Purpose is the central element, guiding the planning and execution of all the processes. To explain it, we will describe each of the battles, including mistakes that can be made along the way. We also point out approaches, methodologies and tools to get round them. 

continuous change | design thinking | transformation

1st Battle of Transformation: Projecting the future

Every change has impact on the organization – positively or negatively – and, because of that, even when it is on a smaller scale, it needs to be aligned with a projection of the future and a purpose that also includes a macro strategy, its main goals and priority levers. All these aspects make up the transformational vision.   

The first challenge is to carry out a diagnosis of current needs, with an eye on opportunities for improvement and keeping competitiveness in the market. Only an in-depth analysis of the organizational context, its pains and obstacles, will provide an understanding of the problems that need to be solved and the results that must be achieved to meet the strategic aims. The purpose guides and influences the entire process, which takes shape by considering various perspectives and a broad study of the market and the external context.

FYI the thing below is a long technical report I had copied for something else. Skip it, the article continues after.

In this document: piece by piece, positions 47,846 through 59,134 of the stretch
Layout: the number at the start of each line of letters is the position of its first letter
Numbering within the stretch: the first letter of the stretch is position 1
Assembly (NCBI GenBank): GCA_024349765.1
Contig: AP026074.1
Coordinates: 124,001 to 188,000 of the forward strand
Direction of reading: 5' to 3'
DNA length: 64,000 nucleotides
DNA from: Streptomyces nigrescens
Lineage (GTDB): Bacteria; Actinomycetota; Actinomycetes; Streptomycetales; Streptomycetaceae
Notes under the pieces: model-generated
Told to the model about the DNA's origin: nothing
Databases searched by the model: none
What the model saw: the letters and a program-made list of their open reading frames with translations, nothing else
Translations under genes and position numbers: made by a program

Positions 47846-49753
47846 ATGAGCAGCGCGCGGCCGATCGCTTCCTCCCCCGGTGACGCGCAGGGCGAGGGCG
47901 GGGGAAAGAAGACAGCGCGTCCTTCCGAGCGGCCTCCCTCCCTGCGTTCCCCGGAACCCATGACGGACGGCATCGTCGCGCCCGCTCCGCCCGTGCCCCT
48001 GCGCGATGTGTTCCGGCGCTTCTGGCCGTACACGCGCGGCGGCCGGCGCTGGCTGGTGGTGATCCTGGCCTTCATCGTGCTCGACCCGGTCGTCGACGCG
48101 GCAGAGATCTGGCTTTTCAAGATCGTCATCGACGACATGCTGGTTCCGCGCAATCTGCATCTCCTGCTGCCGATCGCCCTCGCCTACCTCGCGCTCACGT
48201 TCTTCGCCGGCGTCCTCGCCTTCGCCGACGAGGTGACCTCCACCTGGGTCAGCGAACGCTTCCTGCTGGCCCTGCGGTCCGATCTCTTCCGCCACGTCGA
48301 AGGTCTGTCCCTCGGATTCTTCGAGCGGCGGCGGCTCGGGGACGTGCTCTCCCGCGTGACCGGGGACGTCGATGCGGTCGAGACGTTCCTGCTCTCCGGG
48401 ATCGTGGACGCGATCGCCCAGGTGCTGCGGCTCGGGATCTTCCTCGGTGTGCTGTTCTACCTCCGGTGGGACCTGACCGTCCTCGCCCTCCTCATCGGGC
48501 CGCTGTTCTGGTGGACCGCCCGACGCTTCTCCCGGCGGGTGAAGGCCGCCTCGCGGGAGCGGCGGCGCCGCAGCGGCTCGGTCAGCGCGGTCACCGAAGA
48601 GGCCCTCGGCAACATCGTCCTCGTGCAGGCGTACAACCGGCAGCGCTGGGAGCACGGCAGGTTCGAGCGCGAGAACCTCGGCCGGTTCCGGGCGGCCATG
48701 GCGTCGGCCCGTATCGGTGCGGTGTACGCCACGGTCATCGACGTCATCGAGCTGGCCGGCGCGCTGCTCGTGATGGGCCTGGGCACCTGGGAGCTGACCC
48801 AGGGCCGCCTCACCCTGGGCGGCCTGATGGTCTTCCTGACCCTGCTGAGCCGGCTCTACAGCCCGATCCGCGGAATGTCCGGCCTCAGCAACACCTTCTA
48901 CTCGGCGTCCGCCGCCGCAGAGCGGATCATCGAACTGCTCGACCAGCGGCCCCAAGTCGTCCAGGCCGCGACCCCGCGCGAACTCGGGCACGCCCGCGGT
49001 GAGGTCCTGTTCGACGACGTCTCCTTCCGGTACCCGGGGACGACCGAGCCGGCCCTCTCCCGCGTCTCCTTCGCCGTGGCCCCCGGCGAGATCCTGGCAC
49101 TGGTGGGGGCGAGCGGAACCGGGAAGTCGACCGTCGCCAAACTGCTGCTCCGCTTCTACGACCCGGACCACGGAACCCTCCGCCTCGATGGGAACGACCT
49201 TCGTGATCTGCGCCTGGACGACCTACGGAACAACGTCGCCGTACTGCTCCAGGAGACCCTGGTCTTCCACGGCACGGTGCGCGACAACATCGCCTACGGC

A simple way of connecting the purpose of the transformation to the strategic context of the organization can be to get in close contact with key executives, listening to their wishes and demands, allowing priorities to be defined and which Transformation Imperatives are most relevant: extracting value by doing more without wasting resources; expanding value by acquiring new customers or by exploiting other channels or operational levers; creating new value by developing innovative products and services; or redefining value by targeting new markets and business models.